Big art project highlights region’s Indigenous works

Danielle RaffaeleNorth West Telegraph
Martumilli artist Corban Clause Williams with his artwork ready to be hung in the gallery.
Camera IconMartumilli artist Corban Clause Williams with his artwork ready to be hung in the gallery. Credit: North West Telegraph/North West Telegraph

Aboriginal art centres and creatives in the Pilbara are set to be mapped for the first time under a $1.3 million dollar project to highlight the unique culture of the region.

The survey comes as part of the State Government’s $8 million Regional Exhibition Touring Boost to activate regional galleries, build audiences and increase access to rural art hubs.

The project was initiated by FORM, which facilitates operations at Port Hedland’s Spinifex Hill Art Studio, as well as participating artists and art centres across WA.

It will offer training and mentorship programs, workshops and trips across country for artists and their communities to enhance professional, economic and cultural development opportunities.

The multi-art form project is supported by the Art Gallery of Western Australia and ART ON THE MOVE and will also celebrate the region’s Aboriginal art.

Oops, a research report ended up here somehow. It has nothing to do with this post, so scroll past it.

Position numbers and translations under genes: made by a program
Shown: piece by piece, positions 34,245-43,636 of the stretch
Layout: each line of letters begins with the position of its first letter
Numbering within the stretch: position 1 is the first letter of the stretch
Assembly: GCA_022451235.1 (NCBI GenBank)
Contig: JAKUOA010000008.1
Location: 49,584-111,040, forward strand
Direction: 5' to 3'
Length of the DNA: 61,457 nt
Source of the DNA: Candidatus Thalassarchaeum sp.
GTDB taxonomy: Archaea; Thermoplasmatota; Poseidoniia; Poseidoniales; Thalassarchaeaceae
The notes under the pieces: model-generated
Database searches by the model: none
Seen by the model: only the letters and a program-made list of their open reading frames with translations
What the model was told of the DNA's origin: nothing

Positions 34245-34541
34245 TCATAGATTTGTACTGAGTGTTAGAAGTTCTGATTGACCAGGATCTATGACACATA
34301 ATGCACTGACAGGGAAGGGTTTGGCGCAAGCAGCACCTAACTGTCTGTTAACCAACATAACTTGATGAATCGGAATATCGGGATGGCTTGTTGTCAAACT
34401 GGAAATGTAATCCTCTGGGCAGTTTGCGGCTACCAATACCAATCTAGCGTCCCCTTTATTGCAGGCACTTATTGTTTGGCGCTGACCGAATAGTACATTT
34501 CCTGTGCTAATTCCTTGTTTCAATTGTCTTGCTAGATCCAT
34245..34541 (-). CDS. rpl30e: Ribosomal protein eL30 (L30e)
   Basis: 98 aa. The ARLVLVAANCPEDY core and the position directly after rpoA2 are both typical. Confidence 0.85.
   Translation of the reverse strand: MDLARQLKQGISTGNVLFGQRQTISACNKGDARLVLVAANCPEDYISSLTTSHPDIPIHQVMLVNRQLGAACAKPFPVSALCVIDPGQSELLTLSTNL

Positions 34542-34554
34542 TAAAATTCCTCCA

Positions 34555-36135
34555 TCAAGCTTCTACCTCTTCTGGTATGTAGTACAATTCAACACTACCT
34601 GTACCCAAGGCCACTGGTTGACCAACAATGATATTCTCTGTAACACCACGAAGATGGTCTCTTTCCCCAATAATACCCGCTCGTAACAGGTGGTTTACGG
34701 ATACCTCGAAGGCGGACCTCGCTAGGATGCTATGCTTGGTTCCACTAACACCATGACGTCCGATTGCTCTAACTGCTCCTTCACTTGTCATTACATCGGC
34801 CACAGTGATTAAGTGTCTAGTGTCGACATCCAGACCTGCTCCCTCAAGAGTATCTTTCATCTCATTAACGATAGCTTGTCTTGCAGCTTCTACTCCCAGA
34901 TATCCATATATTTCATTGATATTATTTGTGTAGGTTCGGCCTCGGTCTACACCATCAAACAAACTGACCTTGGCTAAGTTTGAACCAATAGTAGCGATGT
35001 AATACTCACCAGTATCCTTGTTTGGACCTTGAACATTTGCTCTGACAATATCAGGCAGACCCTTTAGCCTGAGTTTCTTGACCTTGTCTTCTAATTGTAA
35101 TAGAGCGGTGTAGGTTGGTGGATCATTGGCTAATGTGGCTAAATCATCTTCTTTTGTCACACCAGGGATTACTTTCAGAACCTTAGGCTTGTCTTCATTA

East Pilbara Martu artists were showcased in the scheme’s first exhibition dubbed What Now? on October 7 in Perth, a display that will run to December 20.

Arts Minister David Templeman said the project would highlight the region and its talent to a wide range of audiences across the country as well as within the State.

“This project celebrates the richness of the Pilbara’s spectacular contemporary Aboriginal art scene and is a project of national and international significance,” he said.

The RETB is continuing to support arts activity in regional communities, supporting social, cultural and economic growth.”

Aboriginal Affairs Minister Ben Wyatt said it would cultivate a deeper sense of community.

“It will also nourish social wellbeing and identity by fostering a sense of pride and empowerment through the intergenerational transfer of knowledge and culture,” he said.

“This particularly impacts young people by bolstering their sense of place and belonging.”

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